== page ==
Branch Church Membership

Probably there are few, if any, Christian Scientists who unite with a branch Church of Christ, Scientist, who do not approach such membership with great expectation of good to be gained therefrom. They have been healed of disease through the gentle ministration of Christian Science; they have seen discord dissolved into its native nothingness; they have had a sense of lack replaced by an evidence of God's plenty; in various ways they have had proof that this new-old truth stands for all that is harmonious and right, for all that is true and loving. They therefore desire to unite themselves with the church which stands for such exemplification of the healing power of the Christ.

From all this they may have concluded that henceforth their lives and their experiences—especially so far as association with those of like faith is concerned—will never express anything but that which is heavenly in nature and activity. Perhaps they have come to believe that the uniting with a Christian Science church will be the beginning of a blissful experience wherein they will walk forward with the other members in complete agreement on all questions. Indeed, they would probably cry out in amazement were any one to suggest that any sense of disagreement can occur among a body of Christian Scientists.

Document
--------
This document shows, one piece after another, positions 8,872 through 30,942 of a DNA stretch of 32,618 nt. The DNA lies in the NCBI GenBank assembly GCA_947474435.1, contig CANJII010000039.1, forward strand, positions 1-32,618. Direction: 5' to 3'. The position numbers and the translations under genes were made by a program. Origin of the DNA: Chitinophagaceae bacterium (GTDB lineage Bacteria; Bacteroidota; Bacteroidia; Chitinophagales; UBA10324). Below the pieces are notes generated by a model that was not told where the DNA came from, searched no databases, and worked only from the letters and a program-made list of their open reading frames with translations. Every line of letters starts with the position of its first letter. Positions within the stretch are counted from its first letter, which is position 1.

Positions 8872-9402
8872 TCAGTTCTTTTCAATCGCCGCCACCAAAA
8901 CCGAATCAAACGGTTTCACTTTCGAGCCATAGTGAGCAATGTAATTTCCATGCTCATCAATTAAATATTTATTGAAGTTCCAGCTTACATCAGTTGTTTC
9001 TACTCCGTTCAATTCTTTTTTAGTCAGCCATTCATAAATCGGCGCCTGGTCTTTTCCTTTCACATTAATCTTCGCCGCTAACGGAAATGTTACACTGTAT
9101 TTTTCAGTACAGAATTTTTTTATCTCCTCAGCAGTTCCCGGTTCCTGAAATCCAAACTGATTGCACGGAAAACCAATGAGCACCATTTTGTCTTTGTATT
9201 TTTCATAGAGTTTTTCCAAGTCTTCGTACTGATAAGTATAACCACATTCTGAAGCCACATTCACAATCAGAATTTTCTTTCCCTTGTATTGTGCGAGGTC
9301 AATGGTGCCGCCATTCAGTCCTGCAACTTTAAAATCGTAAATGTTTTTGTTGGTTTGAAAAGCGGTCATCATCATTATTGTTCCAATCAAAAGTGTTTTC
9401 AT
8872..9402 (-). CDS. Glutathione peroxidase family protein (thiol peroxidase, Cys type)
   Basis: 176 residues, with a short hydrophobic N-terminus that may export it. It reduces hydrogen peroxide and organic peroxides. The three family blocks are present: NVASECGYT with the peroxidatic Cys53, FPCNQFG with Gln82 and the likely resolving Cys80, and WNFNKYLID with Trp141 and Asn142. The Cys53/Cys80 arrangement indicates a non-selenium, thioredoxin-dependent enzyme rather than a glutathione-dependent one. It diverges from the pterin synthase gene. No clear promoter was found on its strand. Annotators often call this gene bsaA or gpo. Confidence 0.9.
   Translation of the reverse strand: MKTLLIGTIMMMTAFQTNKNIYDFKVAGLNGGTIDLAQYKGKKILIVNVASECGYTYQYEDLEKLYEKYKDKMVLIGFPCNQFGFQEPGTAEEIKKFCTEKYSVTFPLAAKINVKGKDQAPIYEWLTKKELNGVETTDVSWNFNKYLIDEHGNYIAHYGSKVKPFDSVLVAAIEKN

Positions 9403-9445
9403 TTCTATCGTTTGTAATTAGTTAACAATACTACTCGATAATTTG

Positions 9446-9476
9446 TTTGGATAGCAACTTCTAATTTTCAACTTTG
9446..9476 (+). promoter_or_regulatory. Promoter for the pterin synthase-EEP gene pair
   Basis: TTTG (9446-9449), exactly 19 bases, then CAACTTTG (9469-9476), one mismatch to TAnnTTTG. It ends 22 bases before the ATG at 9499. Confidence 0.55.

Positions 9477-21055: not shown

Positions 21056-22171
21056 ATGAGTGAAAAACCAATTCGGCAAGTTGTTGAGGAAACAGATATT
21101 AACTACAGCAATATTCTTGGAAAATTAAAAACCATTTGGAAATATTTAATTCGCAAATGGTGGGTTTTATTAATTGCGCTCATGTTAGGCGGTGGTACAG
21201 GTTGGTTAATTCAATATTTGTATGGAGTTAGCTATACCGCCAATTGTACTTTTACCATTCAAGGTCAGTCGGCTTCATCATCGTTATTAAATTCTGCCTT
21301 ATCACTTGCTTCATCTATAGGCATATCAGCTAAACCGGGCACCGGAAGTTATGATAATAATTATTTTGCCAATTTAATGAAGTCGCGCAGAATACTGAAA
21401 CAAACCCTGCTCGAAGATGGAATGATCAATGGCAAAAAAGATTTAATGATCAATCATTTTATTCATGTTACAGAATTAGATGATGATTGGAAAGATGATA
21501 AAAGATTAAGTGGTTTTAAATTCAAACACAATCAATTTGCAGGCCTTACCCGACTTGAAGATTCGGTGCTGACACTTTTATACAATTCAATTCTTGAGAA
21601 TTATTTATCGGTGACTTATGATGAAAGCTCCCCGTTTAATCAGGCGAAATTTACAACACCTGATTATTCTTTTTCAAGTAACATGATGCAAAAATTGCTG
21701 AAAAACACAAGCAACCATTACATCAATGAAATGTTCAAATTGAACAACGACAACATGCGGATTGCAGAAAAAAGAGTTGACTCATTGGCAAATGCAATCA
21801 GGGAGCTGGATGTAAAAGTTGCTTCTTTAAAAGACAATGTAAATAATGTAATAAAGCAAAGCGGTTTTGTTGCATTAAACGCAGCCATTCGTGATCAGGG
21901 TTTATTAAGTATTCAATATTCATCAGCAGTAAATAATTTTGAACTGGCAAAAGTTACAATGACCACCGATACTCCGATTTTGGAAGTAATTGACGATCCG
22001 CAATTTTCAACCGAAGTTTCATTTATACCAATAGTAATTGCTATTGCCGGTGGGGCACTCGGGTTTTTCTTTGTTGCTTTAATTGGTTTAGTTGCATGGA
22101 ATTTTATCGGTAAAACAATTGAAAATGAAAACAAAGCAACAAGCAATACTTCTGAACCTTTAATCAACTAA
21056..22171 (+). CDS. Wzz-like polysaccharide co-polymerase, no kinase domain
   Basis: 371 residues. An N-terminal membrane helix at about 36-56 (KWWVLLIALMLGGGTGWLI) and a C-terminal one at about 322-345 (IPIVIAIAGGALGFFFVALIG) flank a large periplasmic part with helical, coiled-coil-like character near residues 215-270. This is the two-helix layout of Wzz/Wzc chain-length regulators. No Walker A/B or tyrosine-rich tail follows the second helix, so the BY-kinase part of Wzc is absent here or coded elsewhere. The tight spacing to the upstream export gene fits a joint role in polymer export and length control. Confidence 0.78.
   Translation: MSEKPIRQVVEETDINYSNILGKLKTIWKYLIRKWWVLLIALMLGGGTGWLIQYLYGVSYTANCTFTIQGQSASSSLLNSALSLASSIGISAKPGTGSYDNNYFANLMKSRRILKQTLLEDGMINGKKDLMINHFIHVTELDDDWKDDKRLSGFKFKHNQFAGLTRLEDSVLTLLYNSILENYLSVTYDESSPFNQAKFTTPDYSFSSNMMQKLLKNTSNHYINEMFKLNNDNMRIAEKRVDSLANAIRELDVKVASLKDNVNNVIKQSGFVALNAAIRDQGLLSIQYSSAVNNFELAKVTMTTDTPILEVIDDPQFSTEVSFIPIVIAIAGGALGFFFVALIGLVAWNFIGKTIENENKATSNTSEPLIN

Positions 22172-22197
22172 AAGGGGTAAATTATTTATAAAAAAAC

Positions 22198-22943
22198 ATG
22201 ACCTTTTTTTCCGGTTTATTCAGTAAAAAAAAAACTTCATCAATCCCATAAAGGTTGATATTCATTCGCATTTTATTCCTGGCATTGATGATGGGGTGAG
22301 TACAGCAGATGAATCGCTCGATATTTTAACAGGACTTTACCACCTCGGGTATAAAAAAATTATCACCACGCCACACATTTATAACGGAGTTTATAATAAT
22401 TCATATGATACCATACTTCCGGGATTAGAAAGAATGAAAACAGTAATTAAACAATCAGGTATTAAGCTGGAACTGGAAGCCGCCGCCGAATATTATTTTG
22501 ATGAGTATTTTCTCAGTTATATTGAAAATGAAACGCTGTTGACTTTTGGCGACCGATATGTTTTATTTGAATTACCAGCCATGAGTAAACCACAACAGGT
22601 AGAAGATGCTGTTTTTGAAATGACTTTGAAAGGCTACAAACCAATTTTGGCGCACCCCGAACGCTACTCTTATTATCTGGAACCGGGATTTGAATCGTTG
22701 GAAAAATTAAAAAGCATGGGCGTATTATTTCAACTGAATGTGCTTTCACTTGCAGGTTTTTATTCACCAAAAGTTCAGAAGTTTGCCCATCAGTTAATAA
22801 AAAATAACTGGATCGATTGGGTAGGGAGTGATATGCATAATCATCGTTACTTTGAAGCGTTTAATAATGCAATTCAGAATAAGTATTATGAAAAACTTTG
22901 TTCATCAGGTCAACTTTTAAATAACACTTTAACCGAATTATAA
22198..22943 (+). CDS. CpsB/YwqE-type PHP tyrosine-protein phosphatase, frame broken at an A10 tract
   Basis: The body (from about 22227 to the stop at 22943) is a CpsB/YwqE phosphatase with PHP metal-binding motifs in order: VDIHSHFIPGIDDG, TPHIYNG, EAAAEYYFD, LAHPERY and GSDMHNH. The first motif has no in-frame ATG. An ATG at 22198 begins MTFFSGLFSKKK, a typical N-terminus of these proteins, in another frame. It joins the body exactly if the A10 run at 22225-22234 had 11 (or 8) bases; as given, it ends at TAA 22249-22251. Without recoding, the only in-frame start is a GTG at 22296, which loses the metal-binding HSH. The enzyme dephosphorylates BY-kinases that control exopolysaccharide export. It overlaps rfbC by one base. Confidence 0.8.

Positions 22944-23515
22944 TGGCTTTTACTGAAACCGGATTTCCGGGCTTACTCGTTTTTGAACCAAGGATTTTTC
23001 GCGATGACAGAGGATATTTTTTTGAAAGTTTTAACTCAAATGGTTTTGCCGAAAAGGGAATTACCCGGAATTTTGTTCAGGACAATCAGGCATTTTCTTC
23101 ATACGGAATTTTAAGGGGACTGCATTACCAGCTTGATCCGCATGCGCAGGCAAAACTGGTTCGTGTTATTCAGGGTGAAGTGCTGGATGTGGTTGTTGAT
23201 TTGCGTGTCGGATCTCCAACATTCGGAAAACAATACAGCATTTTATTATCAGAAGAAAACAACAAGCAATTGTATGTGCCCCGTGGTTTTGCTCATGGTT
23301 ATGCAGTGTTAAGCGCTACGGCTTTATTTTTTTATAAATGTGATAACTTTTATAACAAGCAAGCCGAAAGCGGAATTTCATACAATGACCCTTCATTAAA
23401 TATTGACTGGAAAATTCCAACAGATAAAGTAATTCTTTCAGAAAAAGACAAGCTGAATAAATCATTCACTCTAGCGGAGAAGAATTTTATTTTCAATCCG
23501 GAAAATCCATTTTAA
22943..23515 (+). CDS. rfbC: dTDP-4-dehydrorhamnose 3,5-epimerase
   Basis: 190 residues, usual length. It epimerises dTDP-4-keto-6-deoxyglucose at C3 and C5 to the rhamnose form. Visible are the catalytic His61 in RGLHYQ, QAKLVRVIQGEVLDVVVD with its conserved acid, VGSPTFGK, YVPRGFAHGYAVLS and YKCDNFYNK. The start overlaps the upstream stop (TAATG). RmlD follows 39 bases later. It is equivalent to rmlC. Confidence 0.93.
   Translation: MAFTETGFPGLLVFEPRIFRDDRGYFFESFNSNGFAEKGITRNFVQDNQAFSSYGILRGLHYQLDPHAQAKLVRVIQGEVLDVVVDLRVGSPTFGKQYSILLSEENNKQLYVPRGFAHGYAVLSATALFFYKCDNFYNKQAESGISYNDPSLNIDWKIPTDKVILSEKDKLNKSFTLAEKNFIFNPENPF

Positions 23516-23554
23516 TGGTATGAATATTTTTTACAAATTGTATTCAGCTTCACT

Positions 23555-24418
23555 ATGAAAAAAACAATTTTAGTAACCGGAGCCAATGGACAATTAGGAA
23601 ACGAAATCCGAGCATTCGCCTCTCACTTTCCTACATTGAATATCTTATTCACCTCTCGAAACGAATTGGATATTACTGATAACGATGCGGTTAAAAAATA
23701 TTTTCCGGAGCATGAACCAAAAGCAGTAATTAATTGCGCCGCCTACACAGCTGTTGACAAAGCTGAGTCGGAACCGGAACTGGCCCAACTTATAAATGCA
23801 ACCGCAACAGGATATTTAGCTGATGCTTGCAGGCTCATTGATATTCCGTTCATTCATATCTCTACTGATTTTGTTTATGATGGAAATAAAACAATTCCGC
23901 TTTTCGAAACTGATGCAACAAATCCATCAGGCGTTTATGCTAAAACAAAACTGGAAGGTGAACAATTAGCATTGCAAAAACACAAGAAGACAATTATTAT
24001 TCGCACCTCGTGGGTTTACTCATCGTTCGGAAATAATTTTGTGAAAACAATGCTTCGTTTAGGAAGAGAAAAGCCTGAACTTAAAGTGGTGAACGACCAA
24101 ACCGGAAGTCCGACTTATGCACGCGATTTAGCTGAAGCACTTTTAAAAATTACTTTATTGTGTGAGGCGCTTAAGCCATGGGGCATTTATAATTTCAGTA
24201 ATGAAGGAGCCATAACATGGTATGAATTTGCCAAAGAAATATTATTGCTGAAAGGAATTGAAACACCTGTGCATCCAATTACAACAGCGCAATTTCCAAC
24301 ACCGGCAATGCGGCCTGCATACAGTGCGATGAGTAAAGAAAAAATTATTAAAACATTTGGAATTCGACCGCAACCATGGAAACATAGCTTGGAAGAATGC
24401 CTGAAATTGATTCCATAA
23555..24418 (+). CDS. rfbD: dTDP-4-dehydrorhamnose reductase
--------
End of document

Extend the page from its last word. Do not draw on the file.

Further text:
What they have read and heard and felt of this wonderful Science has convinced them that since there is but one Mind and all its ideas are governed thereby, the logical conclusion must follow that there could be no room for disagreement. They are so sure that this perfect unity is already understood by them and by other Christian Scientists that they may even approach the first business meeting which it is their privilege to attend, with the fixed belief that if an election is to occur, the first ballot must of necessity elect unanimously those who are to be chosen to office; for, say they, would not any other result deny the truth of Christian Science?

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December 29, 1923

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